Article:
In 2002 Defence R&D Canada changed research direction from pure tele-operated land vehicles to general autonomy for land, air, and sea craft. The unique constraints of the military environment coupled with the complexity of autonomous systems drove DRDC to carefully plan a research and development infrastructure that would provide state of the art tools without restricting research scope. DRDC's long term objectives for its autonomy program address disparate unmanned ground vehicle (UGV), unattended ground sensor (UGS), air (UAV), and subsea and surface (UUV and USV) vehicles operating together with minimal human oversight. Individually, these systems will range in complexity from simple reconnaissance mini-UAVs streaming video to sophisticated autonomous combat UGVs exploiting embedded and remote sensing. Together, these systems can provide low risk, long endurance, battlefield services assuming they can communicate and cooperate with manned and unmanned systems. A key enabling technology for this new research is a software architecture capable of meeting both DRDC's current and future requirements. DRDC built upon recent advances in the computing science field while developing its software architecture know as the Architecture for Autonomy (AFA). Although a well established practice in computing science, frameworks have only recently entered common use by unmanned vehicles. For industry and government, the complexity, cost, and time to re-implement stable systems often exceeds the perceived benefits of adopting a modern software infrastructure. Thus, most persevere with legacy software, adapting and modifying software when and wherever possible or necessary -- adopting strategic software frameworks only when no justifiable legacy exists. Conversely, academic programs with short one or two year projects frequently exploit strategic software frameworks but with little enduring impact. The open-source movement radically changes this picture. Academic frameworks, open to public scrutiny and modification, now rival commercial frameworks in both quality and economic impact. Further, industry now realizes that open source frameworks can reduce cost and risk of systems engineering. This paper describes the Architecture for Autonomy implemented by DRDC and how this architecture meets DRDC's current needs. It also presents an argument for why this architecture should also satisfy DRDC's future requirements as well.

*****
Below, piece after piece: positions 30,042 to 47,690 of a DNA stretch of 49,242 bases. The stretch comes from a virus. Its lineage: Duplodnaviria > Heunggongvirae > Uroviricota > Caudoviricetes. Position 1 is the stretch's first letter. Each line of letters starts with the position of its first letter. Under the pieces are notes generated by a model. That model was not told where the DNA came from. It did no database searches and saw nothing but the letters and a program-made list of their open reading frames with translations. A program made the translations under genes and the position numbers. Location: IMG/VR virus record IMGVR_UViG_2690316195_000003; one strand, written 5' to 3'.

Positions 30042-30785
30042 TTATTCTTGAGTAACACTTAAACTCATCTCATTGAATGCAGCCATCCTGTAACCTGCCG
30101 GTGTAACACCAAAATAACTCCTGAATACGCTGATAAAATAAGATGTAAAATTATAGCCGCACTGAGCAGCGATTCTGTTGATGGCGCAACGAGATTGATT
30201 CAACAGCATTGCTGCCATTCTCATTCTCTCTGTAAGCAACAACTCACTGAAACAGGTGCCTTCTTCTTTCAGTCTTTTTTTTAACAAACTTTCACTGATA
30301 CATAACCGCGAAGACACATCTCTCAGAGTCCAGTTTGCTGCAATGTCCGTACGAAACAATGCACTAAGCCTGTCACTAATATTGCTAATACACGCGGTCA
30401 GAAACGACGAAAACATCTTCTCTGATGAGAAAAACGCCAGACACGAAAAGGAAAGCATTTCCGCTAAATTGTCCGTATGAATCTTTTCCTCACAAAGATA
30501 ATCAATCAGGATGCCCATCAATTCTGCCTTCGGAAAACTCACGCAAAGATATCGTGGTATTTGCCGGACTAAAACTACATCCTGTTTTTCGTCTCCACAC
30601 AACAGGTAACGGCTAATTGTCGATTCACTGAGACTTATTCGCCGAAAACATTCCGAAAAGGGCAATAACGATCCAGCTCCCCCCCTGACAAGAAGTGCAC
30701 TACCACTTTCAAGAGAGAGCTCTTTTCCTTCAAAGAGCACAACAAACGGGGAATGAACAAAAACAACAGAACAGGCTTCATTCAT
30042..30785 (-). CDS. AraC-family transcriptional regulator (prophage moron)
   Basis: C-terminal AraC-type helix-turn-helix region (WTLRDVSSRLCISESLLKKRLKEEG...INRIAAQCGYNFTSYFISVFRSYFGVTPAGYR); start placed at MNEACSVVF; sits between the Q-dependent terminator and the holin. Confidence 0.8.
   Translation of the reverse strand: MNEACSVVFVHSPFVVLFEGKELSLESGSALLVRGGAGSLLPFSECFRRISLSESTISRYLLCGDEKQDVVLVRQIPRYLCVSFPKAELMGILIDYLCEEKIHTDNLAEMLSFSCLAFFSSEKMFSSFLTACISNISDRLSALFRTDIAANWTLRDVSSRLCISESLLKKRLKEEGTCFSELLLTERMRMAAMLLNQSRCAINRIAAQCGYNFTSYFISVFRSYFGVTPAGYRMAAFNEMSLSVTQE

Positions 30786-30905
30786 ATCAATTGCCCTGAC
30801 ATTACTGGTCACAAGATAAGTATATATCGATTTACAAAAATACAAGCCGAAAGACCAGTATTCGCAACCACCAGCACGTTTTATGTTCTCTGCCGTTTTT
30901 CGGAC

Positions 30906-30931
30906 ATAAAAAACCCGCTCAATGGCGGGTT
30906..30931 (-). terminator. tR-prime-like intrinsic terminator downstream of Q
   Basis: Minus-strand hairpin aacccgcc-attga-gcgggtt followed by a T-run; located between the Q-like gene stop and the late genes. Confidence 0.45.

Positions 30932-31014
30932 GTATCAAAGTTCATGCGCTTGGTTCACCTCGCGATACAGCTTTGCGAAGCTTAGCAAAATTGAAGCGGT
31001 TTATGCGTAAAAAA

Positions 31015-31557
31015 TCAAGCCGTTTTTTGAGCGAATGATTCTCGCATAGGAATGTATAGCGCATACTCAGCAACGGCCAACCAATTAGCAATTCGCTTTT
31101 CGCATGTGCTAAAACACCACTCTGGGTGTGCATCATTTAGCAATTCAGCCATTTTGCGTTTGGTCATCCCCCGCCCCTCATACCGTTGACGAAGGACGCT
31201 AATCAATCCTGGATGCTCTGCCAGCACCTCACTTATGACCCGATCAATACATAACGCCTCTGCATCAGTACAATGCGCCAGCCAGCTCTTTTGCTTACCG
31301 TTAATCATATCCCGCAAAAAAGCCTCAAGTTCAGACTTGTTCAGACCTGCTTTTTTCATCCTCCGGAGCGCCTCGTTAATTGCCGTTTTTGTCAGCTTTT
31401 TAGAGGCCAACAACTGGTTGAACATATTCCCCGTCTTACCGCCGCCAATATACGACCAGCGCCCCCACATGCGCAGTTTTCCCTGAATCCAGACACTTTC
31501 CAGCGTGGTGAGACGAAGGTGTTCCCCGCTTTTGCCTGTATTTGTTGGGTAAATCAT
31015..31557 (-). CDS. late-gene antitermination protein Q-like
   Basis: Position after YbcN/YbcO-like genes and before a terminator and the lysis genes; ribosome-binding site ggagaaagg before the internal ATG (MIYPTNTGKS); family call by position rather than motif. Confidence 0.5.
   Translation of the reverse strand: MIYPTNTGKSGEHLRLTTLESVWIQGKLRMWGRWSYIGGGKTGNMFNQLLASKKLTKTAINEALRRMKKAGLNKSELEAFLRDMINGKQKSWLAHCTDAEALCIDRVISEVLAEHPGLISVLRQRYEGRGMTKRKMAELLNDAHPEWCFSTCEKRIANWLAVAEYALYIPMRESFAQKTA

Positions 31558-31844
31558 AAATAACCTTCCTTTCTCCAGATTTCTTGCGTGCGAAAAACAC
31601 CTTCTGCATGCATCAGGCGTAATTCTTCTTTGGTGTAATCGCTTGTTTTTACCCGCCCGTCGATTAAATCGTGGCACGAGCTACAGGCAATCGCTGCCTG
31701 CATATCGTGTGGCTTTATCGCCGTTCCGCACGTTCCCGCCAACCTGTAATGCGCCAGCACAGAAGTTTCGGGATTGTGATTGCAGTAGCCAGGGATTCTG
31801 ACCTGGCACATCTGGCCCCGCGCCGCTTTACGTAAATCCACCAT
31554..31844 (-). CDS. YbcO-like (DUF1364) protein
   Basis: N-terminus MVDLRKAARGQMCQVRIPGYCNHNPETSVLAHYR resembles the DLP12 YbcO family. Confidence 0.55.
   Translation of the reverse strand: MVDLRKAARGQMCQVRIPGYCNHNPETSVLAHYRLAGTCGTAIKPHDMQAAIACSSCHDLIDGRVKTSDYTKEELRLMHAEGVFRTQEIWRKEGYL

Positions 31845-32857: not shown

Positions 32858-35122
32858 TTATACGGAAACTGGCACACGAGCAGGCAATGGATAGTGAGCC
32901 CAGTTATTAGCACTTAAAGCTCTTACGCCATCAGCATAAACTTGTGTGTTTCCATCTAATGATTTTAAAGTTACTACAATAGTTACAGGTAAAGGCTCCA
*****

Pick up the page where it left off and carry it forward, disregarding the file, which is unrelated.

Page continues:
The objective of the Autonomous Intelligent Systems Section of Defence R&D Canada - Suffield is best described